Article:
Amazon Simple Storage Service (S3) was launched in 2006. I remember the time well because I was on the founding team of a competing storage service called Nirvanix that was in stealth mode at the time. This was before the term “cloud” was widely used and Amazon defined S3 as “Internet Storage” or “Web-Scale Storage.”
Fast forward 15 years and I have to say that Amazon’s S3 efforts have paid off. AWS alone brought Amazon $45B in revenue with $13.5B in profit in 2020! I won’t go as far as to say that this was only because of object storage, but I will say object storage was the cornerstone or key foundational component of its cloud strategy. But why?
Disruptive Innovation, By Definition, Changes the Status Quo
In hindsight, Amazon’s go-to-market approach with AWS was brilliant, but took a lot of effort, resources, and vision. At that time most of the IT world used storage through POSIX-compliant storage protocols such as NFS or CIFS/SMB, but S3 (and other storage services like Nirvanix) was different. It used a RESTful interface requiring application developers to directly integrate their applications to a specific storage service via their application interface (API). Every storage service had their own proprietary API that exposed some unique features, but there was consistency among certain concepts such utilizing metadata, using a key/value method of addressing, and standard calls like write, read, and delete.
This was a very different approach, and the storage incumbents at the time did their best to try to standardize a storage-as-a-service interface, but the market moved too fast. Any standardization at that point would have stifled innovation. From the AWS perspective, the fact that Amazon controlled the S3 API (also referred to as the S3 protocol) enabled it to continually modify the API to meet fluid market demands by releasing service after service. Currently there are well over 60 services in the AWS portfolio.
Why Did Amazon Start with Object Storage?
The internet service world, both B2C and B2B, has moved so fast that it is hard to remember life without certain things. In 2006, a glitchy YouTube was just getting started and was frequently offline. Twitter launched later that year and if you tried to use it, you often saw the “fail whale” (remember the fail whale?). Netflix hadn’t even launched its streaming service. That came the following year in 2007.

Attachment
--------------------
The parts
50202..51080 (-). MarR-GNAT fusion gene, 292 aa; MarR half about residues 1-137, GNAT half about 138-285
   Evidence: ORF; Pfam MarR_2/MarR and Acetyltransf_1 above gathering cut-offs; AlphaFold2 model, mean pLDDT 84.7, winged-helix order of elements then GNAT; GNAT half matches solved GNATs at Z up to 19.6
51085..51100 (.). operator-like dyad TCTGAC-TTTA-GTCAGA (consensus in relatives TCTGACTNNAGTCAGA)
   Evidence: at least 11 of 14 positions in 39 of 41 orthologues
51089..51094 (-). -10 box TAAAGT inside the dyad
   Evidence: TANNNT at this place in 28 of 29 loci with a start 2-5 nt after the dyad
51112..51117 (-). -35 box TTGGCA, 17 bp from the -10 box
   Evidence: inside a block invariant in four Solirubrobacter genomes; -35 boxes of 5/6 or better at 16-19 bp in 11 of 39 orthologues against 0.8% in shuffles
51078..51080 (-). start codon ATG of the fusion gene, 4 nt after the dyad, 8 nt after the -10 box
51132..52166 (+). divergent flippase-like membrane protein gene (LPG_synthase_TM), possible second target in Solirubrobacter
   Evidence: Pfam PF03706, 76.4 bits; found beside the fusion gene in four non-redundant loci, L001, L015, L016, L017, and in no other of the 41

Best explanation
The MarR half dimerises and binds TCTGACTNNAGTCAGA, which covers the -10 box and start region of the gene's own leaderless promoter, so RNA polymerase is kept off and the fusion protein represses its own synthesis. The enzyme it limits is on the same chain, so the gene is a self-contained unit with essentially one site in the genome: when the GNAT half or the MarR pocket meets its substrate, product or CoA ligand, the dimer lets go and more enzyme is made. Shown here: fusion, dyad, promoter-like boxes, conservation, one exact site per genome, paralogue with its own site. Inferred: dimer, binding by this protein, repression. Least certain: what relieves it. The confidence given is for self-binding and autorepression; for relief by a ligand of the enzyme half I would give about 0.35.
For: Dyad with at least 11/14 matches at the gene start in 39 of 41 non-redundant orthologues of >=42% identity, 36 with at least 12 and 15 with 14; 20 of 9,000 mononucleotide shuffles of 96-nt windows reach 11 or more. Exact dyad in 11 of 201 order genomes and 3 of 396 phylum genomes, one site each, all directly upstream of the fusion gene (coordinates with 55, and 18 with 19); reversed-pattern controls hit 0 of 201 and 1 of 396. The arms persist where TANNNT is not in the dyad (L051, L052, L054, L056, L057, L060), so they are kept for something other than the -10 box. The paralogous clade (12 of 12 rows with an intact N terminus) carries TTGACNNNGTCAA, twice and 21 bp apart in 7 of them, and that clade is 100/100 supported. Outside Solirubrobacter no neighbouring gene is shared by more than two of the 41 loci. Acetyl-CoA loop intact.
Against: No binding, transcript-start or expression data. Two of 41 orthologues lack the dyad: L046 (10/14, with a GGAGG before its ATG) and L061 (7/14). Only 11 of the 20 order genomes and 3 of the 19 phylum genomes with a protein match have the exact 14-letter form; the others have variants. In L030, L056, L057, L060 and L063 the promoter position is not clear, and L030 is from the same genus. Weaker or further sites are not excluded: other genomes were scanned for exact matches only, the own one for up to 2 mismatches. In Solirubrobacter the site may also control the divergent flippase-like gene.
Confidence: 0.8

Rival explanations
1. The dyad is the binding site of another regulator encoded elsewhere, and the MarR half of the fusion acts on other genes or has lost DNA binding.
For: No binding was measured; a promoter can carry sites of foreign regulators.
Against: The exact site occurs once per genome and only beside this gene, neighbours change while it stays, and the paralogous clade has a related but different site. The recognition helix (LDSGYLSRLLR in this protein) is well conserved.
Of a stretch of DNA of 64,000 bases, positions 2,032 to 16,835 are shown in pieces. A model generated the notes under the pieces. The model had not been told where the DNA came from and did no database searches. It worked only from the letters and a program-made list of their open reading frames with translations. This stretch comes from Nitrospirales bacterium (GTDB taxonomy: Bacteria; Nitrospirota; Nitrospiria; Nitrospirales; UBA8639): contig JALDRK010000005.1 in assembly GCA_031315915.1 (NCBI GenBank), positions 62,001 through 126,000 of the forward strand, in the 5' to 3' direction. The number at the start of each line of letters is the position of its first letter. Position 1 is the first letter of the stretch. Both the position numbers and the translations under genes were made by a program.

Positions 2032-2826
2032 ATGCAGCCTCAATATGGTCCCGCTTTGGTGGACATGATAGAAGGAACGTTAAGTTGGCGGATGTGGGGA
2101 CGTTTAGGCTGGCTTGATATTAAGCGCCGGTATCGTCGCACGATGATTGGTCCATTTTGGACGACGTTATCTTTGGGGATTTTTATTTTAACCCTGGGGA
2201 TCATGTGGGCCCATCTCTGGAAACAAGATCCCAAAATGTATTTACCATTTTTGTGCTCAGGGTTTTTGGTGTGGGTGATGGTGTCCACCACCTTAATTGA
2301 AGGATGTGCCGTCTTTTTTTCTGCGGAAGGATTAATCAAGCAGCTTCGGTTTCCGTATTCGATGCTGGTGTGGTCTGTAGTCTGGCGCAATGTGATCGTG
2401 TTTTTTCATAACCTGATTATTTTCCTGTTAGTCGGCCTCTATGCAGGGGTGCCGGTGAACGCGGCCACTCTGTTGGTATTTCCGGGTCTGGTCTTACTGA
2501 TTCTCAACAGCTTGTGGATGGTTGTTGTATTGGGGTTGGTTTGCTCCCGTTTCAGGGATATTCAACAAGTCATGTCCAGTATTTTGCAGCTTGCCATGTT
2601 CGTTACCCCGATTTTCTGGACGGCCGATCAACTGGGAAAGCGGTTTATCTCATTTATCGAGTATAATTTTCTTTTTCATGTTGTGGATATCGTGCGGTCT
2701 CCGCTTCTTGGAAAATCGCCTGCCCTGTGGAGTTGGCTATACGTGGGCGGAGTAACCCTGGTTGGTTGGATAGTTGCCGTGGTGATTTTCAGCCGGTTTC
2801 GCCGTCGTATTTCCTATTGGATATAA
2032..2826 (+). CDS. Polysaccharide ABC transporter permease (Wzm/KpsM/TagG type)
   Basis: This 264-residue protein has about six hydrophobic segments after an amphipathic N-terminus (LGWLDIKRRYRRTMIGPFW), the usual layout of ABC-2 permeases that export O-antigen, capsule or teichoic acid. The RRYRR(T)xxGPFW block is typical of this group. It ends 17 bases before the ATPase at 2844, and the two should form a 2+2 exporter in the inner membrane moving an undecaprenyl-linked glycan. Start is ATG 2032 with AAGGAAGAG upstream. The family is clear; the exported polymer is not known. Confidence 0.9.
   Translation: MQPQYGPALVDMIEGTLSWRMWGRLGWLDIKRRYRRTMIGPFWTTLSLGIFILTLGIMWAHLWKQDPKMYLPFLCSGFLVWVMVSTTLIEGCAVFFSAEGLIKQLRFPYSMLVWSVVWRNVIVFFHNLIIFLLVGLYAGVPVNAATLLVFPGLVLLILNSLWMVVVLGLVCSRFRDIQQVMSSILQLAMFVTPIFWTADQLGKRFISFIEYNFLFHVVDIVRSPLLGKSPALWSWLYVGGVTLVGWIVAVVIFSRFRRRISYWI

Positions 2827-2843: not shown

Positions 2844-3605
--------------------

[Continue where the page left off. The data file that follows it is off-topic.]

The point is, back in 2006 we were all still living in a single application, local storage mentality. You still bought software at a store, took it home, and installed it via a physical CD. Hard drive failures were common, and NAS and enterprise storage devices were expensive, and difficult to maintain and expand. There were online storage services (for consumers and businesses) but they were very slow, expensive, and often unreliable.
To summarize, storage wasn’t convenient and although it was a necessary function, the value of an internet service was in the front end and the content. To ensure storage reliability you needed to invest time and effort to maintain it. This was the market Amazon entered with S3; and its value prop of “let us manage your bulk storage so you can focus on enhancing your primary application” was enticing to developers and organizations that did not have enterprise storage specialists or storage architects. Also, the perceived risk from the developer perspective was low. After all, the data they stored on S3 were often secondary copies that could be recreated or were latency tolerant. In other words, it could be recalled from backups if need be in hours or days without you getting too angry. Now the only catch was you needed to integrate S3 via the S3 API with your application.
The S3 Protocol: How Amazon Sent Services into Warp Speed
So how does a company launch such a disruptive technology? Especially one that requires a significant change to the way that IT managers and storage admins are used to doing things?